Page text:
PlayStation’s Legacy Should Be Embraced, But Not Held Hostage Behind A Paywall

Backwards compatibility is finally coming to modern PlayStation consoles. I don’t mean in the form of a disparate selection of remastered classics you need to pay for, but as part of a revised PS+ that will finally see Sony embrace its enviable legacy across the medium.

The all-new PlayStation Plus will include three distinct tiers – Essential, Extra, and Premium – with the latter two set to incorporate over 750 games spanning the PS1, PS2, PSP, PS3, PS4, and PS5 libraries, meaning that Sony is prepared to incorporate the biggest hitters from its entire lifespan into the new service. That’s big news, and something we’ve been waiting to see realised for what feels like an eternity.

Playing PS4 games on the PS5 is a relative breeze thanks to the transference of physical compatibility and 99 percent of its digital offerings, but the majority of other platforms are splintered in their representation. PS3, PSP, PS2, and PS1 are nowhere to be seen at all unless you’re willing to purchase rare classics or put up with PlayStation Now. This newly upgraded subscription service is presenting itself as a direct solution to those problems while simultaneously addressing player demands that have existed for so long that we’d almost stopped hoping that Sony would do something about them.

But here we are, in a few short months we’ll be able to put down a monthly payment and get our fill of countless classics from multiple different platforms. I imagine a number of the included games have since been lost to time, or have become increasingly inaccessible thanks to declining hardware and rare physical copies. However it does feel like Sony is holding our nostalgia hostage, keenly aware that we have been waiting so long for backward compatibility and it can incorporate such a feature into PlayStation Plus and have us pay for the privilege. I mean, I definitely will, which only goes to show how much of a mark I am in the first place.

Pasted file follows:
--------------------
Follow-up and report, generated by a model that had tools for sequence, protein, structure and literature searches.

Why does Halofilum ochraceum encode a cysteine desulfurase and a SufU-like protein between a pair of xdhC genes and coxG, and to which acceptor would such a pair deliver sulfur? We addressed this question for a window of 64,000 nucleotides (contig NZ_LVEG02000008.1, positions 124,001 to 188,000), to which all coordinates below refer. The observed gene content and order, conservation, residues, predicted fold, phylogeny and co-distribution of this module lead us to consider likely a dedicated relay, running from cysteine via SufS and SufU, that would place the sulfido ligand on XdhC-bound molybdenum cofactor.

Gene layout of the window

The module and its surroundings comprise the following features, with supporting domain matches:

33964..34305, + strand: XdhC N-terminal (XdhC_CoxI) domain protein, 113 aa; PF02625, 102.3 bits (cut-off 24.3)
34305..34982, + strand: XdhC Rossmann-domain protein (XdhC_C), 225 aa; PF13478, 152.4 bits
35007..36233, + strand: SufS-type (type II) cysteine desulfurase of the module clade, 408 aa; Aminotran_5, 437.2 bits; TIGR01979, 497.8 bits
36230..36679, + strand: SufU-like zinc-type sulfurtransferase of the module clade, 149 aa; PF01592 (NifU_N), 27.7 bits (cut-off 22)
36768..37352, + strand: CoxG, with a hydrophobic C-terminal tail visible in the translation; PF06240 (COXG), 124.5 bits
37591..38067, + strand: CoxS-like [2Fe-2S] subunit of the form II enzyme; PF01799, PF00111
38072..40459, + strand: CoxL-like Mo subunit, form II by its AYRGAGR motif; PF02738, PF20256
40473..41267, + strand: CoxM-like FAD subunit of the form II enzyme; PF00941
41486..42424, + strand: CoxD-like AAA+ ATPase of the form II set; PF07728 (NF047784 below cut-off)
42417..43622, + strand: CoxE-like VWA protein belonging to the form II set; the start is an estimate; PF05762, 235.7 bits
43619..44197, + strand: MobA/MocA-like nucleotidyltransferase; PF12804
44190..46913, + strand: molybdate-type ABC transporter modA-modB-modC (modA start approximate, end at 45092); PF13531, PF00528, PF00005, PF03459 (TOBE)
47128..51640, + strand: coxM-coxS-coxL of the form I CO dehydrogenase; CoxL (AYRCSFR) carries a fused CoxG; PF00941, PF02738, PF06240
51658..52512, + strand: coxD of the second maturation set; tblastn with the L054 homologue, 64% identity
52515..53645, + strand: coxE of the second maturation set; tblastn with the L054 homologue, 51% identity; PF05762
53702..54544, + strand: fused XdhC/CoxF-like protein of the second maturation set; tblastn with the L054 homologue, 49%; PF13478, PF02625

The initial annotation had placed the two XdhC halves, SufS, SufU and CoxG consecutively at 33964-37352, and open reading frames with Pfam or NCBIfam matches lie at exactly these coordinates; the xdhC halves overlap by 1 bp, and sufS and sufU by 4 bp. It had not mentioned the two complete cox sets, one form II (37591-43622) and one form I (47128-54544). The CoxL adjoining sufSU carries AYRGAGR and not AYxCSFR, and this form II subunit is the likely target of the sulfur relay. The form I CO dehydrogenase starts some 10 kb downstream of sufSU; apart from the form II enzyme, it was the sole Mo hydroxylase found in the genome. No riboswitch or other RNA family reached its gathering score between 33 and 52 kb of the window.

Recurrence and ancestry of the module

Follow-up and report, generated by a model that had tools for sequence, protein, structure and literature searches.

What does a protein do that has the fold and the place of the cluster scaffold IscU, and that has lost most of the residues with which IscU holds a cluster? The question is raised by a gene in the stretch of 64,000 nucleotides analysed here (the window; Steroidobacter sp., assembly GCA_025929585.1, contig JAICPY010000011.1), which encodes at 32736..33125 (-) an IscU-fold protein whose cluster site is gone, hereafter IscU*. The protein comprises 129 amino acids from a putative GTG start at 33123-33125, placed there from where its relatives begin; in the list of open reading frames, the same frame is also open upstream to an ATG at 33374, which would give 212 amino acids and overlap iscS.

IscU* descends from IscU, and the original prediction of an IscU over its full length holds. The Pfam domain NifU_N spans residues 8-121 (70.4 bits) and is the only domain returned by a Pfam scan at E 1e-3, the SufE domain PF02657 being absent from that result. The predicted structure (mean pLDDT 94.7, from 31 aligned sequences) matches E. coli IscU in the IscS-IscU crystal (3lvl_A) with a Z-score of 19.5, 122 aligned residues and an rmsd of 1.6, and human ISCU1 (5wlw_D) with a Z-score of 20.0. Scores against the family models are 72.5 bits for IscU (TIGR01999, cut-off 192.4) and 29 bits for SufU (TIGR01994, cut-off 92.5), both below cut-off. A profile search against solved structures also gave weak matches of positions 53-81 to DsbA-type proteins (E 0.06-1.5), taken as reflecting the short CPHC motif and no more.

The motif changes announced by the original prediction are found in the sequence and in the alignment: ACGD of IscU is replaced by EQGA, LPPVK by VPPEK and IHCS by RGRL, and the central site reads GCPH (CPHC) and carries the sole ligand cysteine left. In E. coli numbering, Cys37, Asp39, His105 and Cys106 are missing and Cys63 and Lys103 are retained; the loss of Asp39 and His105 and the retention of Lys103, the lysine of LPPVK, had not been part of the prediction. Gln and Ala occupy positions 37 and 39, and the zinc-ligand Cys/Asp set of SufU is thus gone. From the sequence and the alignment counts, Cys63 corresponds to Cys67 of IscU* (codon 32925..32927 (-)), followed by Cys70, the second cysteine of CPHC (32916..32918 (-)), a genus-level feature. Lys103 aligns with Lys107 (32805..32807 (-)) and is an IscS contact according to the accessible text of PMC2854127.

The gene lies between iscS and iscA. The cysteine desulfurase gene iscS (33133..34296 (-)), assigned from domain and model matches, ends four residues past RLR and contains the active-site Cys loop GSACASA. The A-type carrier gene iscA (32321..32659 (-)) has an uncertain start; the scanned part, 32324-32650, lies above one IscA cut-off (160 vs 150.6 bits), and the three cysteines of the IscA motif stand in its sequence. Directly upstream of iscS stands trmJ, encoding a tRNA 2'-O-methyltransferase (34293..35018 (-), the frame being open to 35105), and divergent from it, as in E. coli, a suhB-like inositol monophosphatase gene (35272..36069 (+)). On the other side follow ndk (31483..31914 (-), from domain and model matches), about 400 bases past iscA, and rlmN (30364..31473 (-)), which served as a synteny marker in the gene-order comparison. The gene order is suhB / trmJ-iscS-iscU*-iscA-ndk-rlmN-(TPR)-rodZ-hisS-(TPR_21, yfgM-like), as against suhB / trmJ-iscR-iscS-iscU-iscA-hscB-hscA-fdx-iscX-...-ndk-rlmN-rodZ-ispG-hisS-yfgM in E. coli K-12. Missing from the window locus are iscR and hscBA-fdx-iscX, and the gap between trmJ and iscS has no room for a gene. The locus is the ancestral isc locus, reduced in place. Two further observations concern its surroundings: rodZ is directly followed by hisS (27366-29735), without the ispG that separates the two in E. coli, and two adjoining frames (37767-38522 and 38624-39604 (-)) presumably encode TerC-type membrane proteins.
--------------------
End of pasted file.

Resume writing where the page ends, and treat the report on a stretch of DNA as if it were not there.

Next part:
Nintendo Switch Online suffers from the same problem. We used to have the Virtual Console, a generous way to purchase individual games and emulate them on native hardware with few compromises. It was amazing, but recent years have proven that Nintendo doesn’t care about its own catalogue and opts to include games as part of its online service or remaster certain ones (such as Super Mario 3D All Stars) before selling them at a vastly inflated price. It sucks, and no matter how much we complain it is clear that the outlook isn’t going to change. We could eventually get GameCube games, but these will either come in the form of additions to NSO or expensive remasters.

Much like Nintendo, Sony has said it will introduce classics as part of PlayStation Plus and hasn’t mentioned anything about games being available to purchase outside of that. Heck, we don’t even know what the 750 games will entail and if we'll only get the mainstream hits or more obscure darlings that have long been forgotten. I’d love a mixture of both, alongside the freedom to add them to my library knowing that they won’t be taken away once my subscription lapses. We finally have backwards compatibility, but the strings attached to such a feature are plentiful, meaning that hardcore players will likely just keep on emulating games instead of jumping through all of these hoops. I want Trophies, cloud saves, easy access to all of my games, and a way to ensure I’m not being hoodwinked all the time.

I suppose this is the consequence of a medium that is continually drifting into live service models. Buying things outright will become less and less common as such things can be shifted into subscription services or piled into existing memberships so we have to commit ourselves into an ecosystem in order to enjoy the things we love. Sony has a tremendous legacy in the PlayStation brand, having helped evolve the medium and cement its artistic merit to the wider world. It’s too early to tell if PlayStation’s approach to its newfound embrace of backwards compatibility will be toxic or progressive, but I hope it’s the latter.

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